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The European Parliament will send a mission to Spain for the 'Pegasus case'


The commission that investigates the cases of European espionage that used this 'software' asks Spain for "full clarity"

A woman in front of the Israeli company NSO Group, creator of Pegasus, in a file image. JACK GUEZ (AFP)

The special commission of investigation of the European Parliament created to clarify the

Pegasus case

has voted this Tuesday in favor of sending a mission to Spain at the end of March to gather more data on the espionage that used the computer program of the same name that has been used both against the highest institutions —among those spied on is the President of the Government, Pedro Sánchez— as well as against dozens of Catalan independentistas and their closest personnel.

The mission, which has yet to receive final authorization from the Chamber's leadership, was decided on the same day that the rapporteur of the Pegasus scandal, the Dutch Sophie in t'Veld, presented her recommendations to the countries affected by the scandal. espionage.

In the case of Spain, she asks, above all, for "full clarity" on the cases, as well as for judicial investigations to be carried out "without delay."

In the report, which may still be modified by amendments in the coming weeks, it is concluded that the Spanish regulatory framework "seems to be in line with the requirements established in the Treaties and in the judgments of the European Court of Justice (CJEU) and the Court European Court of Human Rights (ECtHR)”.

However, it adds, "the application in fact raises questions, as some members of Parliament have been targeted and certain lawyers, politicians, activists and journalists have been targeted without criminal charges or obvious imminent threats to national security." ”, he adds about the wiretapping of 65 Catalan independentists uncovered by the Canadian Citizen Lab center.

For this reason, the recommendations ask Spain to "guarantee real and meaningful remedies for all victims", as well as that "judicial investigations conclude without delay".

Finally, it also urges the country to "urgently resolve the current crisis of the judiciary."

After the presentation of the recommendations to the affected countries, the special commission has approved, in the afternoon session, the mission to Spain, which will take place between March 20 and 21 in Madrid, as announced by the European People's Party (PPE).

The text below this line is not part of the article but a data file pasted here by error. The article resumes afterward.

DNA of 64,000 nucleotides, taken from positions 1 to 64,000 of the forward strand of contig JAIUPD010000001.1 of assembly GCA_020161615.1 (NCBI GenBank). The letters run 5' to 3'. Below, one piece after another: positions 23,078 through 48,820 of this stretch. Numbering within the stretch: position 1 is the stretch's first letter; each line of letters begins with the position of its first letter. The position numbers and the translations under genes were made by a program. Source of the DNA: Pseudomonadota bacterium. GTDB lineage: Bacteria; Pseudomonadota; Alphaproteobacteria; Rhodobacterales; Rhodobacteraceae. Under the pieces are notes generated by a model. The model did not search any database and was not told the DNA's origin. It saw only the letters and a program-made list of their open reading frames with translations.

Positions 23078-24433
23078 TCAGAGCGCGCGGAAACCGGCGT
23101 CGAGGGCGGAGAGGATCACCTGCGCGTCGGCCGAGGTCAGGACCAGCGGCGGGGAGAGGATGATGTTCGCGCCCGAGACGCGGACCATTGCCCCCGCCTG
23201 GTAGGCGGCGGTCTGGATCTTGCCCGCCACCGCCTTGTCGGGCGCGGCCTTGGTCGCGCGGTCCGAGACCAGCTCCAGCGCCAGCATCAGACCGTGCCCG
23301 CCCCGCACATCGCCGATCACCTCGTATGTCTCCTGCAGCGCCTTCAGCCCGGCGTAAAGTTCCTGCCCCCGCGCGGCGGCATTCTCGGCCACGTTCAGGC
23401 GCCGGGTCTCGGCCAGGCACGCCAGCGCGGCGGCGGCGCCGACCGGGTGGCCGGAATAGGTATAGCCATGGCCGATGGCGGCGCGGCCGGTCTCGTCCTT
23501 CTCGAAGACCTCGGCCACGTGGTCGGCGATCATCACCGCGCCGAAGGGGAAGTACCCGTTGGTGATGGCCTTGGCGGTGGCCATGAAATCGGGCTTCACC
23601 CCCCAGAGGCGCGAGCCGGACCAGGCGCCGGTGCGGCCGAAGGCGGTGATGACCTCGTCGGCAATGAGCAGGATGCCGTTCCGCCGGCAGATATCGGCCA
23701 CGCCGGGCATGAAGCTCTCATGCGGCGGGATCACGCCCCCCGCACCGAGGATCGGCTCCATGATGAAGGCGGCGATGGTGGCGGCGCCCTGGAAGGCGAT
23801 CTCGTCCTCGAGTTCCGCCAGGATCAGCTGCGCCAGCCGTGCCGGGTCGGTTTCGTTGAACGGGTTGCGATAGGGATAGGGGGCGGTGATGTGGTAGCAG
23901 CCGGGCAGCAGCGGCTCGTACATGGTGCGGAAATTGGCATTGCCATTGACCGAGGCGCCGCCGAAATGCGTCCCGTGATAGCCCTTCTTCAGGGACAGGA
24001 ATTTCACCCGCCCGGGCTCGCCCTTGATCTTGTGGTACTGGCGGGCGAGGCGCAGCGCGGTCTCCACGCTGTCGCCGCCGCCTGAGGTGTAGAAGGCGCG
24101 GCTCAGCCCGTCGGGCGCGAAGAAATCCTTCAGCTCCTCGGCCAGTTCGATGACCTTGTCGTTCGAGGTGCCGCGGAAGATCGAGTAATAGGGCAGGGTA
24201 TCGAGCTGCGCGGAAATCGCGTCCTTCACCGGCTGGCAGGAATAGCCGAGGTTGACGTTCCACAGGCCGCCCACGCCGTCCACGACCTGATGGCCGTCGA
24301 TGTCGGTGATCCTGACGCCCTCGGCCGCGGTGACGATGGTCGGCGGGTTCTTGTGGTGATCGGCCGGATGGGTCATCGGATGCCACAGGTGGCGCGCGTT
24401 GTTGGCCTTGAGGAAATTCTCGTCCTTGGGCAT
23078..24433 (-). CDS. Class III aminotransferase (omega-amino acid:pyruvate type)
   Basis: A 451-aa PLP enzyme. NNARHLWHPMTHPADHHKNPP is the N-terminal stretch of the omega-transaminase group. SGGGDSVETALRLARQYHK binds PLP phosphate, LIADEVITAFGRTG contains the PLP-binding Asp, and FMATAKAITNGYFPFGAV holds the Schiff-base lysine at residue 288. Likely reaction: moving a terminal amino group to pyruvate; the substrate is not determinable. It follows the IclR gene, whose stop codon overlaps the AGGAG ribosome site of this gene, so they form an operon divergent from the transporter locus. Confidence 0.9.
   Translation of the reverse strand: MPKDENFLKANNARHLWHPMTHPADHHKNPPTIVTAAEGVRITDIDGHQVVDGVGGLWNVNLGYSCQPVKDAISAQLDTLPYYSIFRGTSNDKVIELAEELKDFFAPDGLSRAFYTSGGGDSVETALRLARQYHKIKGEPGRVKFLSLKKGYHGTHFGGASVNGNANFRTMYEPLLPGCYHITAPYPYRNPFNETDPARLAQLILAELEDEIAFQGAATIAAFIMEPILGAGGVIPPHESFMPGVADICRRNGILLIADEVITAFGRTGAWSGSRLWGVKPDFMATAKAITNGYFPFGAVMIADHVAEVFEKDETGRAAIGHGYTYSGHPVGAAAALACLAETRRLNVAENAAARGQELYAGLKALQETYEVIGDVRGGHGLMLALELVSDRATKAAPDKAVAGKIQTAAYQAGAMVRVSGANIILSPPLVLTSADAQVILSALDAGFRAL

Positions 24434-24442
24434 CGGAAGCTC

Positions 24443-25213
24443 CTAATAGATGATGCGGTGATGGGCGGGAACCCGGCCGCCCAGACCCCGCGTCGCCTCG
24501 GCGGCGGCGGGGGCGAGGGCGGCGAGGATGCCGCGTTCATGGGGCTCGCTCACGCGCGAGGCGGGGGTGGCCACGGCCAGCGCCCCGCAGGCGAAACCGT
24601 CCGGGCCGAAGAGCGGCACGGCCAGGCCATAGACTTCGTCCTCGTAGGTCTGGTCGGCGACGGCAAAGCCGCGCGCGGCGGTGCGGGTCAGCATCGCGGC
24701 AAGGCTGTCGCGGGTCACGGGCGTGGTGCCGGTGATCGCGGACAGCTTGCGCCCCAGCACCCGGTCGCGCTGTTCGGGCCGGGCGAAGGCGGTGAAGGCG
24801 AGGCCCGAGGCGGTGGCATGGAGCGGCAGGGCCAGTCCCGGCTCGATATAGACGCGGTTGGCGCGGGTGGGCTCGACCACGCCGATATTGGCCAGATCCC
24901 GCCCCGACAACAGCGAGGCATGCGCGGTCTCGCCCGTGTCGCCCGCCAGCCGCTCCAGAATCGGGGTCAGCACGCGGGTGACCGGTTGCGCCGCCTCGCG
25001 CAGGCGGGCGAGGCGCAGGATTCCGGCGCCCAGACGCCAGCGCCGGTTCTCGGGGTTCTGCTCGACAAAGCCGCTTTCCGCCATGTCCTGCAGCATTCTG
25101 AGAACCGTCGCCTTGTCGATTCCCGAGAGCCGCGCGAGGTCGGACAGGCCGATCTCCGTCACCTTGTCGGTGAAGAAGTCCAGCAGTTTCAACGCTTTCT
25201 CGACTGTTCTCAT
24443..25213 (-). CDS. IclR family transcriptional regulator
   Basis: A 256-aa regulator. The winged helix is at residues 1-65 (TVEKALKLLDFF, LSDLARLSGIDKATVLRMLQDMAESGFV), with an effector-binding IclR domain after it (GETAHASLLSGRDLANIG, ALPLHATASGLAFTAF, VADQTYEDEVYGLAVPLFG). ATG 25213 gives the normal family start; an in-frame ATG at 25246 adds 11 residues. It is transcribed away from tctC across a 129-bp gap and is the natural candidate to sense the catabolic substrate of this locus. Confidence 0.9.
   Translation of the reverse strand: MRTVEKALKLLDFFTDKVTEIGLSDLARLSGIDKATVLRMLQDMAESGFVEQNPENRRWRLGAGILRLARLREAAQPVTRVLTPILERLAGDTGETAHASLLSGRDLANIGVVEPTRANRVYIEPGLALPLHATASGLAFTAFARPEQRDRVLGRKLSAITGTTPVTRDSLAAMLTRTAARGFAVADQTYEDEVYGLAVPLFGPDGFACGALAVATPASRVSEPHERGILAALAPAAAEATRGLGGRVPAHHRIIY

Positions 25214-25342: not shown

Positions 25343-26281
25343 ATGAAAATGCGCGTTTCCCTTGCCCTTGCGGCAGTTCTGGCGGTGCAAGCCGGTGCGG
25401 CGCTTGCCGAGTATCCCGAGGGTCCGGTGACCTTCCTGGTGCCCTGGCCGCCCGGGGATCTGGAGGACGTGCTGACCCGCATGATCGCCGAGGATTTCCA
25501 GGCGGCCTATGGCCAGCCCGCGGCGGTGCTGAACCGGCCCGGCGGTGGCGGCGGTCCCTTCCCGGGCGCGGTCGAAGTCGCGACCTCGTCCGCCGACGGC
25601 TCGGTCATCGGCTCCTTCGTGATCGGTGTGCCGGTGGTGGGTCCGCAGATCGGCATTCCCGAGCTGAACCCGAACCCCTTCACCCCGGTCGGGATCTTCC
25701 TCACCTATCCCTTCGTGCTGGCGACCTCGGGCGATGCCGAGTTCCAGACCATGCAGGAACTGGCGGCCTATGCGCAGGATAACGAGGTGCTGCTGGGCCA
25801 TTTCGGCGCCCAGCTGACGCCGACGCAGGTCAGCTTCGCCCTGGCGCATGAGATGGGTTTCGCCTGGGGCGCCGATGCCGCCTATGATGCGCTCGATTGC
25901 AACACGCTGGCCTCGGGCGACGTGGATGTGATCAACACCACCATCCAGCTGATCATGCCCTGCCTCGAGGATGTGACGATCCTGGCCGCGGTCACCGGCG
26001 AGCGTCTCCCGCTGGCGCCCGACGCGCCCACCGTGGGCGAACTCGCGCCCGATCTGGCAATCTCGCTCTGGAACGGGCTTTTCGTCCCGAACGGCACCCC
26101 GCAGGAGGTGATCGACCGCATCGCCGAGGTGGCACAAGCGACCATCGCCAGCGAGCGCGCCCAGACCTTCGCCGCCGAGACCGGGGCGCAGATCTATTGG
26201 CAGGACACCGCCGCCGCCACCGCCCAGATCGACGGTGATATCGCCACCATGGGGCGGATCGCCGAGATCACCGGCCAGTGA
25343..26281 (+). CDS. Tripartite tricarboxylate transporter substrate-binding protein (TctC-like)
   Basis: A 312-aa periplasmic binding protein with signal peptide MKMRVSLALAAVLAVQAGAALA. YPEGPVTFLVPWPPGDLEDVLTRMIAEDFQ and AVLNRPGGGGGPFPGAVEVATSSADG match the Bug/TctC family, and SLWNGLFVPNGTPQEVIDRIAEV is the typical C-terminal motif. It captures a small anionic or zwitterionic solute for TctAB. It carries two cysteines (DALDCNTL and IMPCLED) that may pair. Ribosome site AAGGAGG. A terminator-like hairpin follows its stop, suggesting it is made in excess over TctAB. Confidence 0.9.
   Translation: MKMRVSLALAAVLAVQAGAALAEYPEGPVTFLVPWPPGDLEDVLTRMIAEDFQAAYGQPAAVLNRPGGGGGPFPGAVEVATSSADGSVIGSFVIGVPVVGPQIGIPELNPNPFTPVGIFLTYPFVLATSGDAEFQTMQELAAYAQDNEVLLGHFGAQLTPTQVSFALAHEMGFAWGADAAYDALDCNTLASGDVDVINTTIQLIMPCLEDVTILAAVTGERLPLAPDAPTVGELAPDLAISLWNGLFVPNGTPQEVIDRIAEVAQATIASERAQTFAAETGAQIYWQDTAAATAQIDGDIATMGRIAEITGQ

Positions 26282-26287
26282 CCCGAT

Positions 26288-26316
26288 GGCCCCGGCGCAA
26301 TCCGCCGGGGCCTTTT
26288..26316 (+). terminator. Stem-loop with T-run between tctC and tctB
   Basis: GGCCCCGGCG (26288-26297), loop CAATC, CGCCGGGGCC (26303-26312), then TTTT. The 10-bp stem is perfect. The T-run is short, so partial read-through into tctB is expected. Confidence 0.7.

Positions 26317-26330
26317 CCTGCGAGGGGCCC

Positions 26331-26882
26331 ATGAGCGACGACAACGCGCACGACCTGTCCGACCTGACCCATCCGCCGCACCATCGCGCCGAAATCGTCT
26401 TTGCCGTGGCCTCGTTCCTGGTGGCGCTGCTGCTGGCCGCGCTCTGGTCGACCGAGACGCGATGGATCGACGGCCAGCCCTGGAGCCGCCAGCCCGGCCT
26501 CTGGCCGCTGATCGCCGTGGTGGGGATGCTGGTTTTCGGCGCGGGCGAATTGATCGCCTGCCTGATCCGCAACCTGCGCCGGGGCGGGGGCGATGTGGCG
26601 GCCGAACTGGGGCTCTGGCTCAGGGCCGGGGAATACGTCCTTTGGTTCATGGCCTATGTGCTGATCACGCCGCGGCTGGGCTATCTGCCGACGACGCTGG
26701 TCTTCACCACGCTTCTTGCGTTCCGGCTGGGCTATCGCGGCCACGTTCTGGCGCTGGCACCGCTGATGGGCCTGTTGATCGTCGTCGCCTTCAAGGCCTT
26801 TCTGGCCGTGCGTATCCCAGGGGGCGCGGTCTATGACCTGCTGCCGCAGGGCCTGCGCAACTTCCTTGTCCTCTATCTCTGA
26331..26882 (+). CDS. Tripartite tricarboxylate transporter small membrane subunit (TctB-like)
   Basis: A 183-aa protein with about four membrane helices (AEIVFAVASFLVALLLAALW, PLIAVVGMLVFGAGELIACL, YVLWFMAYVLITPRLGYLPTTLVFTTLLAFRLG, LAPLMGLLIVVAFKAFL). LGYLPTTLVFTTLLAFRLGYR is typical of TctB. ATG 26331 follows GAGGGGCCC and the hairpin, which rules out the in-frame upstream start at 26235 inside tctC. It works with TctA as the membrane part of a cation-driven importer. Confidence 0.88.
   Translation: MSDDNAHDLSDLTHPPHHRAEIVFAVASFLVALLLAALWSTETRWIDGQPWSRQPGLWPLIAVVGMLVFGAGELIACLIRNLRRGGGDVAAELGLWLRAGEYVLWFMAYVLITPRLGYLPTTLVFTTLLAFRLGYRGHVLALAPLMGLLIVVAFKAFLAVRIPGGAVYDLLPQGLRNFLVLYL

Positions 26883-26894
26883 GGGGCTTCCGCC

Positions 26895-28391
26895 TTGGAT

This is a visit similar to the one already carried out by members of the special commission of the European Parliament to Poland, Greece and Cyprus, as well as to Israel, a non-EU country, but in which some of the main companies that develop this



spyware, including the one who created the Pegasus program, NSO Group.

A trip to Hungary is also planned in February.

There is still one last step left for the trip to Madrid to be definitively approved: it must receive the approval of the Conference of Presidents (made up of the president of the European Parliament, Roberta Metsola, and the leaders of the political groups) and the Table of the institution, the regulatory management body made up of the presidency, the 14 vice-presidents and five quaestors.

Normally, it is nothing more than a mere formality, but the dates chosen are outside the weeks reserved for this type of travel, so it has to be analyzed, according to parliamentary sources.

In reporting on the mission, the popular MEP Juan Ignacio Zoido has criticized the "very deficient" role of the Sánchez government in managing the espionage case.

The coordinator of the European People's Party (EPP) group in the Pegasus special commission has regretted the dismissal of the director of the National Intelligence Center (CNI) Paz Esteban, whom, he said in a statement, "they turned into a scapegoat for please their government partners, the Catalan secessionists”.

In addition, Zoido has reproached the Spanish Executive that he "has not collaborated with the European Parliament or with its commission of inquiry", since he has "completely ignored" the questionnaire that it sent him "months ago" on the Pegasus case.

The lack of cooperation to clarify the espionage with the Pegasus software does not seem, however, to be an exclusively Spanish problem.

When presenting hours before the list of recommendations for the countries involved in one way or another in the Pegasus scandal -in addition to Spain, Cyprus, Greece, Hungary and Poland-, the author of the report, the Dutch company In't Veld (Renew Europe Group , which includes Ciudadanos), has harshly criticized both the EU Member States and the European Commission and the Council for their lack of support in the investigation into what he has called a "digital attack on democracy".

"We are being completely blocked by countries, the Commission and the Council, something that is very serious because I think that the abuse of spyware and the characteristics of the trade of this program amount to very serious attacks on democracy," said In t 'Veld in presenting his recommendations, “We were very concerned about the Brazilians occupying their Parliament or about [the attack on the Capitol in Washington] on January 6, 2021, but this is a digital attack on democracy from within.

It is very, very serious and the attitude of the Commission, the Council and the States is unacceptable and inexcusable ”, he criticized.

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Source: elparis

All news articles on 2023-01-24

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